Hands-On AI Part 6: Select an AI Computing Infrastructure

Published: 09/18/2017, Last Updated: 09/18/2017

A Tutorial Series for Software Developers, Data Scientists, and Data Center Managers

In the previous article, we discussed deep learning frameworks and selected TensorFlow* because it has Keras, has a flourishing developer community, provides strategic support from Google, has a version optimized for Intel® processors, and is simple to deploy.

In this article, we continue our discussion of the infrastructure aspects of the project and focus on the computing resources from Intel that can be used to train and execute deep learning models. Depending on your goals and resources, such as budget, time, and talent, different options might be appropriate. For example, if you have a large data set or a tight timeline, a multiple CPU cluster might be the right choice. However, if you are an independent developer experimenting with various deep learning frameworks or techniques, a single workstation with a multicore CPU might be sufficient. We also provide a comparative overview of existing computing resources for deep learning from Intel.

An Overview of the Circuit Design Paradigms

There are three primary circuit design paradigms or architectures:

  • CPU
  • Field-programmable gate array (FPGA)
  • GPU

We’ll discuss the first two items in detail. GPUs are outside the scope of this series of articles and won’t be covered.

The following are the characteristic features of CPU and FPGA circuit designs:

  • CPUs were designed to support the widest variety of workloads. Modern CPUs are highly parallel devices. For example, an Intel® Xeon Phi processor has up to 72 cores and supports up to 280 threads. The Intel Xeon Phi processor also has a special module that provides data parallelism at a fine grain, working on 512 bits of 16 single-precision floats or 32-bit integers at a time.
  • FPGA circuits can be optimized for a specific computational pattern (such as deep learning). For example, in May 2017, Google* announced1 its tensor processing units (TPU) and Microsoft* announced2 its Azure* Machine Learning Cloud using Intel® FPGAs optimized for AI.

The computational effectiveness and efficiency of different circuit designs vary from task to task. Initially CPUs, being the oldest, were not designed for huge amounts of vector or matrix multiplications, which deep learning requires. However, recent innovations from Intel, such as Intel® Many Integrated Core Architecture (Intel® MIC Architecture) and the vector processing unit module move CPUs to the forefront of parallel technologies.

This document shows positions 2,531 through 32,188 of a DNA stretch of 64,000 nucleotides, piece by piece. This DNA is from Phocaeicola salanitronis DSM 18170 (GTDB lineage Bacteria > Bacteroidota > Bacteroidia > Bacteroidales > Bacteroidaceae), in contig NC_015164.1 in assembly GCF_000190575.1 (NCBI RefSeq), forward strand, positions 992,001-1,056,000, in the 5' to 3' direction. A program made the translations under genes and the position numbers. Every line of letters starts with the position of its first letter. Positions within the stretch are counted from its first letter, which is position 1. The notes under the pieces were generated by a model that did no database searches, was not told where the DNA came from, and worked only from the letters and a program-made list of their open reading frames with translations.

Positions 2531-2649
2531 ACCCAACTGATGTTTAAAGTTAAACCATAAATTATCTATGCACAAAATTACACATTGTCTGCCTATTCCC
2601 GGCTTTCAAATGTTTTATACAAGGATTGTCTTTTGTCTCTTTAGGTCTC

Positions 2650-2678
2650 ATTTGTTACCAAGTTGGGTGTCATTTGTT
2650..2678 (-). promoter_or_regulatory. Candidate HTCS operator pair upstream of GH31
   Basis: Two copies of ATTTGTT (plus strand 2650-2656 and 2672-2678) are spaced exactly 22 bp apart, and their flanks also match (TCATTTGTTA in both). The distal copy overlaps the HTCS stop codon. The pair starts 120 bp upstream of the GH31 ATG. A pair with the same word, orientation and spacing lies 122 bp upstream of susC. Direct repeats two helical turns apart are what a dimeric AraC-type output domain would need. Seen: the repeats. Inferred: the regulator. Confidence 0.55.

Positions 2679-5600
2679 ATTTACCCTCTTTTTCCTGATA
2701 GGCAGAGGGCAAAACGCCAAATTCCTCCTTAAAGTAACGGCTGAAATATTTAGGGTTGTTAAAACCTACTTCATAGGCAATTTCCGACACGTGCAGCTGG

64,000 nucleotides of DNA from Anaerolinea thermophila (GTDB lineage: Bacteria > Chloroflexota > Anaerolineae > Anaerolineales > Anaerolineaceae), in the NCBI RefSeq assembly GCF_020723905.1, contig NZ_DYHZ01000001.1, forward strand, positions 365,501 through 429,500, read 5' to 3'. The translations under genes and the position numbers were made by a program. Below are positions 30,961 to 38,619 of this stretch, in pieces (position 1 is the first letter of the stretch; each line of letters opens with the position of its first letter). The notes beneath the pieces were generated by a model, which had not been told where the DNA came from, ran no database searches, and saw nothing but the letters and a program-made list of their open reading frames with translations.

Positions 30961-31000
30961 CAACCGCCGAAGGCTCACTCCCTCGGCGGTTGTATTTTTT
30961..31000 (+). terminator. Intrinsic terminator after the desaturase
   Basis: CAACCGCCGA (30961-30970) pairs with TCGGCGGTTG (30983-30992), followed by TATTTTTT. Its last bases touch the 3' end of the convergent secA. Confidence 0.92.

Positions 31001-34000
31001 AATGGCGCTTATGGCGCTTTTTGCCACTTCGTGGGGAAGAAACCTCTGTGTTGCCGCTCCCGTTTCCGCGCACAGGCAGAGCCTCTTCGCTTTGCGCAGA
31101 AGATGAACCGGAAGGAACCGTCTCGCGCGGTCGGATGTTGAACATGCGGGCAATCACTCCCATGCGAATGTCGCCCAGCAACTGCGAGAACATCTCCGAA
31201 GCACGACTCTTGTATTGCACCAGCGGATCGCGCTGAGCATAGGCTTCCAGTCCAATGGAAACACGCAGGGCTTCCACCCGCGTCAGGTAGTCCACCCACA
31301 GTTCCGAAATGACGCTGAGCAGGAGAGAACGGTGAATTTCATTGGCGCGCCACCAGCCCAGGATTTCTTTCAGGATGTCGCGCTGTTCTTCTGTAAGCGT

At the same time, the most recent benchmarks from Intel3 and Google4 demonstrate that custom FPGAs achieve state-of-the-art performance for some deep learning tasks by taking into account the specifics of the computational task (matrix sparsity, low precision, and so on).

FPGAs allow you to achieve power efficiency and speed when a computational pattern is fixed, which is ideal for the inference stage in a deep learning project. Many Integrated Core CPUs based on Intel MIC Architecture help achieve efficiency and speed for an arbitrary computational pattern matching vector or matrix multiplication due to massive parallelism, which is perfect for neural network training.

Image of two workflows
Figure 1. Two different steps of data analysis workflow. The hardware option you choose depends on the workflow step.

Selecting a Computing Infrastructure

Following is a review of computing infrastructures and the one chosen for the sample project.

Introducing Intel’s Computing Infrastructure

From a practical point of view, when selecting a computing infrastructure, the options available will come from the following two models

  • In-house (on-premises) hardware
    • Single CPU
    • Multiple CPUs
  • Cloud
    • Multiple CPUs
    • FPGAs

Each element of this model has a set of secondary options:

  • CPU
    • Laptop (for example, Intel® Core™ i7-766U processor, 2.5 GHZ)
    • Workstation or server (for example Intel® Xeon® processor or Intel® Xeon Phi™ processor)
  • Cloud
    • Google Cloud*
    • Microsoft Azure Cloud*
    • Amazon Web Services*
    • Intel® Nervana™ cloud
    • IBM Watson Analytics Cloud*

Questions and Criteria for Comparison

The computing infrastructure selection criteria is based on a decision tree, and generates a set of questions at each split point. Starting from the root, the questions are:

  • (Main) Should we use our own hardware or pay for compute hours in the cloud?
  • Which CPU to use?
  • Do we need multiple CPUs? (if you want to train a model faster or have a large data set)
  • Which cloud should we use? (compare power and price, quality of documentation, SDK, and productivity)

The final choice is a path from the root to a leaf for the selection criteria. To find this path, use the following evaluation criteria and questions (partially coming from the previous article about the deep learning framework selection):

  • How long do you plan to work on deep learning? This project?
  • What is the size of your data set?
  • Do you plan to train a model from scratch or use a pretrained model?
  • What deep learning framework do you plan to use?
  • On-premises
    • Price
    • Performance and price
    • Do you have expertise with DevOps (cluster administration)?
  • Cloud
    • Cloud computing hour price? (Performance and price)
    • Quality of documentation?
    • Availability of community-contributed tutorials?
    • Are there any plans for large-scale deep learning project deployments?
  • How difficult it is to migrate to a new computing platform?
  • Do you plan to deploy a user-facing production application?
  • How quickly do you need initial results?
  • Do you plan to run several experiments in parallel?
  • Do you plan to tweak your model or are you comfortable using only a predictive API, such as one that classifies images using a default model provided by the cloud provider?